Institute of Historical Studies
Institute of Historical Studies

Meet the Scholars

Meet the Fellows, 2018-2019
Genealogies of Freedom

culangDr. Jeffrey Culang (Ph.D., 2017, CUNY Graduate Center) was a Postdoctoral Fellow in 2018-2019, where he worked on his book manuscript entitled "Moral Quandaries: Religion and Modern Law in Egypt." The book examines the secularization of Egyptian society between the 1880s and the 1930s, a period that witnessed the convergence of nationalism, colonial rule, missionary activity, and new modes of governance at the national and international levels. Tracing the emergence of a centralized state with the capacity to manage its population and increasing authority over religion, it focuses on the incorporation of modern legal-political concepts into Egypt’s legal system and public lexicon, and their displacement of prior concepts and forms of life. Watch the video.

kennedyDr. Wm. Matthew Kennedy (Ph.D., 2017, University of Sydney) was a Postdoctoral Fellow in 2018-2019, where he worked on turning his dissertation into a book manuscript entitled “From Barataria to Utopia: Economic-Positivism, Scientific Governance and the Colonial Origins of ‘Freedom,’ 1880-1950,” exploring the influence of economic-positivist legal theory on thinking about governance in Britain and its empire. Watch the video.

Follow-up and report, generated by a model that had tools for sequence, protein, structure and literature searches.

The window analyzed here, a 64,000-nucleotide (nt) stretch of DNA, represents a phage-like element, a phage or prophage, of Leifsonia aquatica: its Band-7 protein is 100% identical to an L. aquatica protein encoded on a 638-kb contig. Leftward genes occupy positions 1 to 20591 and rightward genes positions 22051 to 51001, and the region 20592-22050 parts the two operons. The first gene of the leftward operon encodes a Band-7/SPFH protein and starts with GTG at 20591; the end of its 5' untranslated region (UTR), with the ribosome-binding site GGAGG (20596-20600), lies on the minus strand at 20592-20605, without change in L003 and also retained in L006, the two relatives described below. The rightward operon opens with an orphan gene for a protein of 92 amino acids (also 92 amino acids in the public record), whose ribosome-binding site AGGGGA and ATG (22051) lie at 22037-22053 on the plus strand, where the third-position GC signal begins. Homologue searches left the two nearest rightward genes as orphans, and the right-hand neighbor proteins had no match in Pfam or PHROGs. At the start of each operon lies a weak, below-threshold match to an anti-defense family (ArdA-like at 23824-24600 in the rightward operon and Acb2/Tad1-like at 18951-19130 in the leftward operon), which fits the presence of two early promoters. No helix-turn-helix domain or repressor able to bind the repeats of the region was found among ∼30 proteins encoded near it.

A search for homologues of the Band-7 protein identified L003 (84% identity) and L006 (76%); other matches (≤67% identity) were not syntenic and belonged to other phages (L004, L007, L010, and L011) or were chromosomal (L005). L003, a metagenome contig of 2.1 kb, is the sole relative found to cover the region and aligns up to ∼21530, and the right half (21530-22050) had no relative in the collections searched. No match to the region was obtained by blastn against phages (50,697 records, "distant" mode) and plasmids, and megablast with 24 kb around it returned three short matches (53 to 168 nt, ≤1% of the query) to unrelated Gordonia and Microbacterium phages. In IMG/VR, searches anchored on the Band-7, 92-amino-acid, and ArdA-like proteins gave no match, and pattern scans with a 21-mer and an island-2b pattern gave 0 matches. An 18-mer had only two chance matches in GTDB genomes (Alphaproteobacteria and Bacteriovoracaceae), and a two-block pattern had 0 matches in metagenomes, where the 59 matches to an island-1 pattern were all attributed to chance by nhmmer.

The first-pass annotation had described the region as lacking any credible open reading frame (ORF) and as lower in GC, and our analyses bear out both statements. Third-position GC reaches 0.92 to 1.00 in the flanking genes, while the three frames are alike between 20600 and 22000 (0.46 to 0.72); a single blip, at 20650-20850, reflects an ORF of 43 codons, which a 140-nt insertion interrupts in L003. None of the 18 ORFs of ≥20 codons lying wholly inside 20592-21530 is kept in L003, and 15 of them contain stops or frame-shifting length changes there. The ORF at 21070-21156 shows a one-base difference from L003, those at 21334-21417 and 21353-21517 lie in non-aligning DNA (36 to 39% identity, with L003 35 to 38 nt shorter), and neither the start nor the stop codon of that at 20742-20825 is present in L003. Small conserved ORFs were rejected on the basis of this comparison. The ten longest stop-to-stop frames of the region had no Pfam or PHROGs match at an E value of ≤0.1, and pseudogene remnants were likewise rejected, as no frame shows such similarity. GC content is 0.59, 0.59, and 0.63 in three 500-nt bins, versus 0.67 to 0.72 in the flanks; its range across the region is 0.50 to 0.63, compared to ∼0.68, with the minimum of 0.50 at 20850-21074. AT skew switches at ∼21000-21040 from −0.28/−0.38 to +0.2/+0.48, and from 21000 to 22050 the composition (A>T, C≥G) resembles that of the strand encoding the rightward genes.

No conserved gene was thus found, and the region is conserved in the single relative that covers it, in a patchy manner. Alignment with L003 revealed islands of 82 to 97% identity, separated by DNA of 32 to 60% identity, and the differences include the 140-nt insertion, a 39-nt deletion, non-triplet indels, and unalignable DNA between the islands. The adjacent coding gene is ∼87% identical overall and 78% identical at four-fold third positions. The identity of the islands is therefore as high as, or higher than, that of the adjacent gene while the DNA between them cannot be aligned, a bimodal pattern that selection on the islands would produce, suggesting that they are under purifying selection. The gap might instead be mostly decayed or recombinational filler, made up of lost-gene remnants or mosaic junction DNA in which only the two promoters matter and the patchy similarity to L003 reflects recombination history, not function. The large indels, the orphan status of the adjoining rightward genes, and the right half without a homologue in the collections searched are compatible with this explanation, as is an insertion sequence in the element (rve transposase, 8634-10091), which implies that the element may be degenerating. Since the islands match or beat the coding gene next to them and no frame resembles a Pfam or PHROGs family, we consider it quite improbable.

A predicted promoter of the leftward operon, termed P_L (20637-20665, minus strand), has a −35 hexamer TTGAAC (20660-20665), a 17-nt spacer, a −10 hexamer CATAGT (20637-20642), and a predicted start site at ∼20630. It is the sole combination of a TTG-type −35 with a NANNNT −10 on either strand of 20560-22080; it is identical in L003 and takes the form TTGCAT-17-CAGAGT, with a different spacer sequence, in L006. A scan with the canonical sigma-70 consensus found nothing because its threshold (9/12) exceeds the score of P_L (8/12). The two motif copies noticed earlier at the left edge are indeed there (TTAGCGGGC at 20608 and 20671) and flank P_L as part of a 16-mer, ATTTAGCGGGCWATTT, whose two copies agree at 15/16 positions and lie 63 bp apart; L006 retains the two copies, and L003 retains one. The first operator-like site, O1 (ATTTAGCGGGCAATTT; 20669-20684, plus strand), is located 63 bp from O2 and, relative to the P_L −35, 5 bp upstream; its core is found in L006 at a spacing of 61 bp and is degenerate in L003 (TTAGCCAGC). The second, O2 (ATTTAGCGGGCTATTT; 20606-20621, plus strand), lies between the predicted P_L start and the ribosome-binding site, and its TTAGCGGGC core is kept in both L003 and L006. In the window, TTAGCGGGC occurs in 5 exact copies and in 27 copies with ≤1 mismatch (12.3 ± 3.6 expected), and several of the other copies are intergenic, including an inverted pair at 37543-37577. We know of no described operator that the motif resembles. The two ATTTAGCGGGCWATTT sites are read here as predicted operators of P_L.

Meet the Fellows, 2017-2018
Migration, Exile and Displacement

titasDr. Titas Chakraborty (Ph.D., 2016, University of Pittsburgh) was a Postdoctoral Fellow in 2017-2018, where she revised and expanded her book manuscript project, "Mobile Workers of the Companies: Labor, Migration and Resistance in Bengal, 1650-1837." Dr. Chakraborty's scholarship captures the working lives of Bengali workers in the East India Company from the pre-colonial to colonial area, in particular their use of labor mobility as a form of agency and resistance. Watch the video.

albertoPostdoctoral Fellow Dr. Alberto García Maldonado (Ph.D., 2016, UC Berkeley) discusses his research project, ”The Politics of Bracero Migration." He examines the "Bracero" work program, which brought seasonal Mexican laborers to the U.S. (1942-1964), and the varied political and religious reactions to the program in Mexico. States that had been centers of conservative Catholic anti-government opposition to land appropriations in the 1920s-1930s continued that resistance to government policy, distinctly shaping the Braceros' recruitment and selection process. Watch the video.

yaelDr. Yael Schacher (Ph.D., 2016, Harvard University), IHS Postdoctoral Fellow, discusses her work and book manuscript project "Exceptions to Exclusion: A Prehistory of Asylum in the United States, 1880-1980," under the 2017-2018 "Migration, Exile, Displacement" theme. Her project recounts the origins of America's asylum standards and the role that religious prejudice assumed in forming them. Watch the video.